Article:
Like other Minnesota employees, healthcare workers are protected from retaliation for reporting violations of law to their employer or to governmental authorities, participating in a government investigation or hearing, or refusing an employer’s directive to perform an illegal act. That said, these anti-retaliation provisions have special applications to healthcare workers, with laws like the Minnesota Whistleblower Act providing healthcare workers with additional rights. This should come as no surprise, given the importance of healthcare and society’s desire to ensure safe medical practices and to avoid unnecessary medical expenditures.
Statewide Protections for Healthcare Employees
First, the Minnesota Whistleblower Act protects employees who report “a situation in which the quality of health care services provided by a health care facility, organization, or health care provider violates a standard established by federal or state law or a professionally recognized national clinical or ethical standard and potentially places the public at risk of harm.” Minn. Stat. § 181.932, Subd. 1(4). In other words, healthcare workers are not just protected from retaliation for reporting violations of the law, but also for reporting violations of the standard of care, as well as violations of ethical standards, that could cause harm to patients. This is significantly broader than the protections provided to employees in general and it serves as an important safeguard to encourage medical providers to come forward with concerns without facing repercussions to their own employment.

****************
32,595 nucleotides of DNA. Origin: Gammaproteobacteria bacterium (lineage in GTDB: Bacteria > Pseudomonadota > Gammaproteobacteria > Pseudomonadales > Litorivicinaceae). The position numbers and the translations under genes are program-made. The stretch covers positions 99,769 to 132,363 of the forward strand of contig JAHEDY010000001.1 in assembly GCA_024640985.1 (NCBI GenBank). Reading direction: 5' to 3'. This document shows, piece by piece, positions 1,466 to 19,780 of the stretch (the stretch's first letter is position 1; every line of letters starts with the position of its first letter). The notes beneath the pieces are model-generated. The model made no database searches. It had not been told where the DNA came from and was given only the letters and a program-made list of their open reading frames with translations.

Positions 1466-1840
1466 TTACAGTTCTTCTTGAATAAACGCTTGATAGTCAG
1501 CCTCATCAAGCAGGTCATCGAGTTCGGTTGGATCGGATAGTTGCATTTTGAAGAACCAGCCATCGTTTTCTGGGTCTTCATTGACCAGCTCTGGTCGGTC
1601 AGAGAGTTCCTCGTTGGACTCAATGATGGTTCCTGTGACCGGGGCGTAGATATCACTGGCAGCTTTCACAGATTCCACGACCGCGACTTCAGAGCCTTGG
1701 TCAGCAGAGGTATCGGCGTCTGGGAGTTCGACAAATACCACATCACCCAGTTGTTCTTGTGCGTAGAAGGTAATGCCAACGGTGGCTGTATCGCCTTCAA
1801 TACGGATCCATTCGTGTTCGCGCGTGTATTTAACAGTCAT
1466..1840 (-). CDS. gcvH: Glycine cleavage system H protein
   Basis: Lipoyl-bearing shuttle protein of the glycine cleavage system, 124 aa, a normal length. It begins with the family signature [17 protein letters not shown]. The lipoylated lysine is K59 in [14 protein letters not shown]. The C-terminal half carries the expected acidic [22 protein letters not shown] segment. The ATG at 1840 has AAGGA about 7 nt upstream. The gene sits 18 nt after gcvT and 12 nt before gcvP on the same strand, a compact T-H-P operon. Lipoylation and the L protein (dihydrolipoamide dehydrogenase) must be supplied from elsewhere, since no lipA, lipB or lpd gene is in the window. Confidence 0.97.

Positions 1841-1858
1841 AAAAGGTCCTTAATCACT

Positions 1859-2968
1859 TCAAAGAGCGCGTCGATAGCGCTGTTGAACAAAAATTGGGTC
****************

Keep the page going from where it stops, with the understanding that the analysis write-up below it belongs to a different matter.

Federal Protection for Reporting Fraud
While the federal False Claims Act protects and rewards individuals in general who report fraud against the government, healthcare workers more commonly run into such fraud than do most other employees. This is due in great part to the amount of federal money spent on healthcare and to the potential for abuse in medical billing. Employers are prohibited from retaliating against healthcare workers who report fraudulent practices, such as billing for services that were not provided, upcoding, billing for unnecessary services, and a number other fraudulent billing activities. Additionally, employees with knowledge of the fraud can initiate claims against their employer for the fraud, and if successful, collect a reward based on the government’s recovery against the employer. The potential reward and protection provide strong incentives for employees to speak out against the fraud and help the government recover its funds.
Reporting Unsafe Conditions without Retaliation
Finally, both the federal Occupational Safety and Health Act and Minnesota OSHA protect workers from retaliation for complaining to their employer or to the government about unsafe conditions in the workplace. For healthcare workers, this protection is more important than ever as healthcare facilities currently attempt to balance their business needs with their employees’ safety during the COVID-19 pandemic. Too often, we have seen that balance tip in favor of the business at the expense of the employees’ safety and/or health. Reporting a dangerous work environment is protected conduct and the employer is prohibited from retaliating.